Chairman of the Great Council of Chiefs, Ratu Epeli Ganilau, has made it clear that chiefs involved in the May 2000 coup cannot escape the arm of the law by hiding behind their chiefly status.
In an interview with Fiji TV (1April 2003), Ratu Epeli said chiefs were accountable to the law like any other citizen.
He was responding to a statement by close supporters of coup-maker Speight that they were prepared to apologise to the victims of the coup and the people of Fiji for what they had done, and the losses and suffering inflicted on them as a result. This would help hasten the process of reconciliation, they claimed.
But Ratu Epeli said he could discern the motive behind such a move. Those with complicity in the coup were hoping that they could escape penalty for their actions by taking the traditional Fijian apology.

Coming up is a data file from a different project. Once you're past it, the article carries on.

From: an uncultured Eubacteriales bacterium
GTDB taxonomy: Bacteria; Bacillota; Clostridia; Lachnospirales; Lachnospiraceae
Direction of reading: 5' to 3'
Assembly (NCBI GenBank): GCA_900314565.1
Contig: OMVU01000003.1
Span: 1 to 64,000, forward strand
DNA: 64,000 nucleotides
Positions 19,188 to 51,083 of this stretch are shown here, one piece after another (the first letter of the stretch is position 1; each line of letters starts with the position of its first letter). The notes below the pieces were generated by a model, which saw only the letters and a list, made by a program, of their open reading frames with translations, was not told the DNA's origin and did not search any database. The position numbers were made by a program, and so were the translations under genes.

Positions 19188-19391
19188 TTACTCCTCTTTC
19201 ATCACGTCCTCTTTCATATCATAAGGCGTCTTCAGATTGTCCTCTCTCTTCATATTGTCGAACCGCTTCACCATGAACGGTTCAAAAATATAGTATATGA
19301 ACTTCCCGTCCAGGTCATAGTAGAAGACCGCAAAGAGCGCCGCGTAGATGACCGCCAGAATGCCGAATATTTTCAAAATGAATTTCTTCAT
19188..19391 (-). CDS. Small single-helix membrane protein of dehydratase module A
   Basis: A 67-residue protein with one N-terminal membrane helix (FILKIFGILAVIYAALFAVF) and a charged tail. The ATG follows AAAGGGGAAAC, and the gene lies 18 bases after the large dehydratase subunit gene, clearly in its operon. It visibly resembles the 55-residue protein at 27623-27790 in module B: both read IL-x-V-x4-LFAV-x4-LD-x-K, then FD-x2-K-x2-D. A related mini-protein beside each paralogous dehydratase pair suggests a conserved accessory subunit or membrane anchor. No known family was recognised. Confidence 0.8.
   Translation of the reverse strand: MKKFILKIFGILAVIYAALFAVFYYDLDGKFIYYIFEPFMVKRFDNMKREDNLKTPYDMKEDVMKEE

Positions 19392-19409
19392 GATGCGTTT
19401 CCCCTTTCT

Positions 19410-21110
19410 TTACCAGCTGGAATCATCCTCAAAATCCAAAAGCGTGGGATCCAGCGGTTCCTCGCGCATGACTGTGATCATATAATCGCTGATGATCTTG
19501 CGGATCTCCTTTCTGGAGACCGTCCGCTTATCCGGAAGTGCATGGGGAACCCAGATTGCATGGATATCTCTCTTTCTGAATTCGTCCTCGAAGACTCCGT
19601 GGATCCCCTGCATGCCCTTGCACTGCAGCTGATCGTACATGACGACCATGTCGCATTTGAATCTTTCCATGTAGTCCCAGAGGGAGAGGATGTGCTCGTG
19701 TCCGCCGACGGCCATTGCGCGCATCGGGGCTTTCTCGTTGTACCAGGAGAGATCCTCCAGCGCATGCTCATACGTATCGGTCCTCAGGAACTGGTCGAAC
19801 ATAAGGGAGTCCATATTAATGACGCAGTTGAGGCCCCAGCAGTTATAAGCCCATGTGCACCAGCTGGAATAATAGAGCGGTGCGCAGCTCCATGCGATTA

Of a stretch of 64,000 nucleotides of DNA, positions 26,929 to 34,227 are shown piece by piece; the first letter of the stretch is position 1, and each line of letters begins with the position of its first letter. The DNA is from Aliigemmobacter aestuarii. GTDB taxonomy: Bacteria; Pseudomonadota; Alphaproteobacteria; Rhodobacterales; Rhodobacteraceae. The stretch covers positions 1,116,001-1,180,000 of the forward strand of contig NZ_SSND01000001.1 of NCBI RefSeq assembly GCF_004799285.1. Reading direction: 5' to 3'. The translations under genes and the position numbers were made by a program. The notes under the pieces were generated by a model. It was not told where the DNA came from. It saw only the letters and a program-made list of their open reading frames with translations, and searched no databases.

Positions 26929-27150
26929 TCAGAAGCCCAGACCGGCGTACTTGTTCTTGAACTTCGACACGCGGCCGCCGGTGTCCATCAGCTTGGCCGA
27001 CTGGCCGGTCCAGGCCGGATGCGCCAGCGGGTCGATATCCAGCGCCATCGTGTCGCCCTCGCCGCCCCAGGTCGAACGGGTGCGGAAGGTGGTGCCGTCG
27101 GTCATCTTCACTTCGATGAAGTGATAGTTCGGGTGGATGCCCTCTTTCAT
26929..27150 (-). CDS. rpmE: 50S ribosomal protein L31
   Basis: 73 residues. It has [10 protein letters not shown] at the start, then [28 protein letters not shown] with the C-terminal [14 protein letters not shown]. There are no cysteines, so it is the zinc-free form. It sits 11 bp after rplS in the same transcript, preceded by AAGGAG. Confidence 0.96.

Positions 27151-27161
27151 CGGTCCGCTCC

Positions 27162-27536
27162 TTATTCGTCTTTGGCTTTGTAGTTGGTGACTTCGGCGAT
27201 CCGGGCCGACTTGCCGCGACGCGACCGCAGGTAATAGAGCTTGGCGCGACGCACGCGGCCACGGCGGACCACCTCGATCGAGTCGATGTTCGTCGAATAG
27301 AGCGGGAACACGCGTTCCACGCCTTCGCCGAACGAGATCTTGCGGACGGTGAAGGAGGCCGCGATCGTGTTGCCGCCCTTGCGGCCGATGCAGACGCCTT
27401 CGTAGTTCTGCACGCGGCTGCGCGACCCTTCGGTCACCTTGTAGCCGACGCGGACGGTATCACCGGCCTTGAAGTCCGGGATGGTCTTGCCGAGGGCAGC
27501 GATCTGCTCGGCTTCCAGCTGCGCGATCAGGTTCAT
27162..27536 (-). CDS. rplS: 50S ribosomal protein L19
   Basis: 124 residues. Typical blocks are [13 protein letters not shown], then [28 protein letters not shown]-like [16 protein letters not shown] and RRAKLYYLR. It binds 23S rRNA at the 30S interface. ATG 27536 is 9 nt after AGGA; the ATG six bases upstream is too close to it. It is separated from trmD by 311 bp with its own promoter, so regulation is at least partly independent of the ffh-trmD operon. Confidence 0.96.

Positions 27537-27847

Ratu Epeli said this was not on. All involved with the coup must first be brought to justice. Unless those responsible for the political mayhem faced the brunt of the law, there could be no real reconciliation, he said.
On chiefs implicated in the act of treason, Ratu Epeli said they could not hide behind the security of their chiefly status.
To preserve the respect and integrity of an institution like the Great Council of Chiefs, those chiefs with complicity in the coup should resign from the Council, he said.